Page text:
Superbugs infections to increase 70% by 2030
Superbug infections could cost the lives of around 2.4m people in Europe, North America and Australia over the next 30 years and around $3.5bn a year across 33 countries included in the latest Organization for Economic Cooperation and Development.
The OECD called for the promotion of better hygiene, the end of the over-prescription of antibiotics, rapid testing for patients, delays in prescribing antibiotics and mass media campaigns to counter one of the biggest threats to modern medicine.
The study also said that three out of four deaths could be averted by spending just $2 per person a year on measures as simple as handwashing and more prudent prescription of antibiotics.
Currently the rise in resistant infections is expected to be 70% higher in 2030, compared to AMR rates in 2005 for the same antibiotic-bacterium combinations, and resistance to third-line treatments will double in EU countries.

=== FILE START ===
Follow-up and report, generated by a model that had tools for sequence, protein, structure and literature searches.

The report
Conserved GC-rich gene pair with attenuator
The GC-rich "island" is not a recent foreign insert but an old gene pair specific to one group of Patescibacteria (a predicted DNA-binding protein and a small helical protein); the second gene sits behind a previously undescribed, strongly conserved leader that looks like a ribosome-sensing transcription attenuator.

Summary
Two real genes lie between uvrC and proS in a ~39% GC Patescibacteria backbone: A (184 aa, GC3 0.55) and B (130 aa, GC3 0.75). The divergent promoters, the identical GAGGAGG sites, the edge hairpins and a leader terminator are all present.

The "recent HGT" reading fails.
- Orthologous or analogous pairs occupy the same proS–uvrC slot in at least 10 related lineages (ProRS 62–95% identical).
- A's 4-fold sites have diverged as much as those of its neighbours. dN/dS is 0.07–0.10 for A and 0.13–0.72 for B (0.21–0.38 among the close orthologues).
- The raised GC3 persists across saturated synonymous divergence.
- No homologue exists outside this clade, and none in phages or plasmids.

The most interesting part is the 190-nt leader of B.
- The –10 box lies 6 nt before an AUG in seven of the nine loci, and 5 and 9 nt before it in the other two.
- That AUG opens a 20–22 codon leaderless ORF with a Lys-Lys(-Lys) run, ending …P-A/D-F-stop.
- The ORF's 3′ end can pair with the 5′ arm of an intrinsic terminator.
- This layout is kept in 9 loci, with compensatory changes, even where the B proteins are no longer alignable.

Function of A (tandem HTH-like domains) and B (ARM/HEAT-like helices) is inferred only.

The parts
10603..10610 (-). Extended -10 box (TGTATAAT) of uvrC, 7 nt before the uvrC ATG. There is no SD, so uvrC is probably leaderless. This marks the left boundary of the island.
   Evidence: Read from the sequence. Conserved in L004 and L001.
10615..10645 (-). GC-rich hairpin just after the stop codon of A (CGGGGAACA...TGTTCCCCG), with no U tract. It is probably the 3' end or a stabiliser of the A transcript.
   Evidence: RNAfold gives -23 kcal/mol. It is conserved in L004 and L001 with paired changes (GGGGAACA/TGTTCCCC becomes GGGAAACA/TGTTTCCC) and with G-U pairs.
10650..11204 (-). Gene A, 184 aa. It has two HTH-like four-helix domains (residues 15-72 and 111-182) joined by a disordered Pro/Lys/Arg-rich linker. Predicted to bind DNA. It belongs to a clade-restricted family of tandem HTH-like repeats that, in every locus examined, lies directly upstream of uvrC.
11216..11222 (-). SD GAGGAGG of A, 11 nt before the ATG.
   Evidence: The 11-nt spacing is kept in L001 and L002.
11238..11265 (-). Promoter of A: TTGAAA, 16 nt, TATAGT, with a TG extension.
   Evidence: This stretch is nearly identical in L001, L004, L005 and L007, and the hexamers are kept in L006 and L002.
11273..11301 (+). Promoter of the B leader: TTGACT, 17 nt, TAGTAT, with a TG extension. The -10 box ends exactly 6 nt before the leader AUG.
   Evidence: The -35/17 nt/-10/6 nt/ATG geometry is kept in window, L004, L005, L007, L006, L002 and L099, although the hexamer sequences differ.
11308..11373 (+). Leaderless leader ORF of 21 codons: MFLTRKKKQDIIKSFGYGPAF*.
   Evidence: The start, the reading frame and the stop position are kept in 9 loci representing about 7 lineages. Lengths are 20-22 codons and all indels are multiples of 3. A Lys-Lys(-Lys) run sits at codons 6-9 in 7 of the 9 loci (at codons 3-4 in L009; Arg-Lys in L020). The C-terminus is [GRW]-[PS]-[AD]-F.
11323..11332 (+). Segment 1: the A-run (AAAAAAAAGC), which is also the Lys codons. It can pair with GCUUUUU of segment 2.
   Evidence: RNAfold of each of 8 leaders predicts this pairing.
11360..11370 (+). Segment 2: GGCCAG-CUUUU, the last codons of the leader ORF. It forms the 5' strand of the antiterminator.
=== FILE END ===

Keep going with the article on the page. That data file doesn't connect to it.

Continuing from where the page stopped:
“Southern Europe risks being particularly affected said the report. Italy, Greece and Portugal are predicted to top the list of OECD countries with the highest mortality rates from AMR and the United States, Italy and France could have the highest absolute death rates, with almost 30,000 AMR deaths a year forecast in the US alone by 2050,” said the report.
A comprehensive public health package encompassing some of these measures in OECD countries could pay for themselves within just one year and end up by saving $4.8bn per year, claimed the OECD.